Bobby Borg, author of Music Marketing for the DIY Musiciandescribes how to perform more without overexposing yourself in his latest article from DiscMakers!

How to gig more without overexposing yourself

You should leave your fans wanting more, so if you want to perform live more than once a month, here are four strategies to fill up your performance schedule without saturating the market

To avoid overexposing your band in a market, you should limit your performances, perhaps performing once a month in your local territory and working hard to make each gig an explosive night to remember. The rule of thumb is quality before quantity, and leave your fans wanting more. However, if you desire to perform live more than just once every month, there are plenty of ways to fill up your performance schedule without saturating a popular market. Four basic strategies you should consider include:

  1. A club residency
  2. Alternate format performances
  3. Dual territory performances
  4. A tour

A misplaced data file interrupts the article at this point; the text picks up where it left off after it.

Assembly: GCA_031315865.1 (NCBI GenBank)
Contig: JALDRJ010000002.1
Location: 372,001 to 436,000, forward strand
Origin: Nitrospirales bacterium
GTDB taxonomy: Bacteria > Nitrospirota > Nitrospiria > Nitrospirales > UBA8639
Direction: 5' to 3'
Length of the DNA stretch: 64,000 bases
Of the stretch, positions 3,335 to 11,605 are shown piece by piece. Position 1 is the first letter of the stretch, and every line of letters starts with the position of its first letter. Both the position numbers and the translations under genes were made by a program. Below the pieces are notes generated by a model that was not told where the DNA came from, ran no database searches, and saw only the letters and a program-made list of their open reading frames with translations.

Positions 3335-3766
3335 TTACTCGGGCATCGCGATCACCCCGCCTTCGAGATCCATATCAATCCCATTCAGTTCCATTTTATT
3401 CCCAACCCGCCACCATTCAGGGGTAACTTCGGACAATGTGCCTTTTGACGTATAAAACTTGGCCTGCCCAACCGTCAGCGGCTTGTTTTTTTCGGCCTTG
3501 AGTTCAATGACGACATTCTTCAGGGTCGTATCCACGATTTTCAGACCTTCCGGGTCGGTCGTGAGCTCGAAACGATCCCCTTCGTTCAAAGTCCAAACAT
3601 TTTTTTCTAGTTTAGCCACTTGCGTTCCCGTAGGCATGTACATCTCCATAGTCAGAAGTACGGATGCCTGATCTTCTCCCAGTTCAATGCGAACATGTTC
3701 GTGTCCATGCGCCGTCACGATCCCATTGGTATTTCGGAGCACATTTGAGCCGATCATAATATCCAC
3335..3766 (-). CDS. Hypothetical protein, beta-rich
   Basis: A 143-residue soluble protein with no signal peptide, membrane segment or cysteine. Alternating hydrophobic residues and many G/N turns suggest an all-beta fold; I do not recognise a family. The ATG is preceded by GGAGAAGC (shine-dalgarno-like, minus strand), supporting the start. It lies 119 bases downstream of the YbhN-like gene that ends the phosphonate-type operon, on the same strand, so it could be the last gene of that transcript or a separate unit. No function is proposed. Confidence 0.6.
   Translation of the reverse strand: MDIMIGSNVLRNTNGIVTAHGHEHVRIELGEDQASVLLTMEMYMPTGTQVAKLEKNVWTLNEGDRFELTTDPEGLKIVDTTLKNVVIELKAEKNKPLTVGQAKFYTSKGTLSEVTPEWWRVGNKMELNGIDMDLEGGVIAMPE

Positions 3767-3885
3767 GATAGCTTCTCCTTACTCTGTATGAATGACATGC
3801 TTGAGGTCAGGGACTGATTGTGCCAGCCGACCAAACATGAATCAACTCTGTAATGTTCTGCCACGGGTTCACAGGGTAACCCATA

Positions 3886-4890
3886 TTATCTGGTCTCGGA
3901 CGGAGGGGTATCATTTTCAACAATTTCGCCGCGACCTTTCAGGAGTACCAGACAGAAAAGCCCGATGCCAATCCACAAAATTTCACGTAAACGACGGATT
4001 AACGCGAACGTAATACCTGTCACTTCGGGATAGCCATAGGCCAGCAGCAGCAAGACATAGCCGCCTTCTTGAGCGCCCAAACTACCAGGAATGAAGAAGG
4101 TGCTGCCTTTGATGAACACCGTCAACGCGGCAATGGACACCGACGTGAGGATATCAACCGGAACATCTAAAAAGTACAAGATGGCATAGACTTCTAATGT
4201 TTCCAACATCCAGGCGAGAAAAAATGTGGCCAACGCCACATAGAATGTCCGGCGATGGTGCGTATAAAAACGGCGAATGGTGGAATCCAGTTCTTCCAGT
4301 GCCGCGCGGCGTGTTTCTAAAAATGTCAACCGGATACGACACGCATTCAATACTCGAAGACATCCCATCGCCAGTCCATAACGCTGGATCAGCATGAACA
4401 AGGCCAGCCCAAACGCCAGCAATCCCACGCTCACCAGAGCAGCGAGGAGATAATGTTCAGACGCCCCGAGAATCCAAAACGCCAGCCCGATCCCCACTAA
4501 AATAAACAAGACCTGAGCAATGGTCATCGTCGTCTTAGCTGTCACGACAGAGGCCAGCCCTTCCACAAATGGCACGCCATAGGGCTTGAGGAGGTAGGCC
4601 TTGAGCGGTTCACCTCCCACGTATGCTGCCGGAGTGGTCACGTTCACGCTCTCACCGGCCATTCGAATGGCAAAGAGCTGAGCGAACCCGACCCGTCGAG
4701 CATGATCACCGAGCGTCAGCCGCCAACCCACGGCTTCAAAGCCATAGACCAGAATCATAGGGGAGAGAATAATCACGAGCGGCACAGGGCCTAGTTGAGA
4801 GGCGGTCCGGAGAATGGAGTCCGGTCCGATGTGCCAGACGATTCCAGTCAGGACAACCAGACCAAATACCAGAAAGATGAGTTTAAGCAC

1. Club residency

In a club residency, a promoter will typically give an artist the opportunity to perform once a week or twice a month in his venue with the hope that the extra exposure will generate word-of-mouth promotion and build up local demand. This is an excellent opportunity to test material, work on arrangements and set orders, and gauge your songs’ impact on an audience — and it could be a situation where a promoter is forgiving of a partially empty club. But if you fail to promote effectively and fail to grow your crowd each week and keep up your end of the bargain, the club residency can quickly be terminated and relationship with the promoter forever damaged.

2. Alternate format performance

With an alternate format strategy, you perform two or three times monthly in a market, but you do it using non-competing formats of your music. For instance, an indie artist might play one club or territory with her full electric band the first week, and then do a more intimate acoustic solo performance in the same territory on the third week. This can be a pretty cool way to get fans to keep you at the top of their minds, and an excellent way of building a fan base by targeting different types of venues and catering to the people likely to frequent one type of club over another. However, you must monitor your audience and make sure your efforts are increasing attendance rather than creating competition between your own live performances.

Click here to read the rest of the article!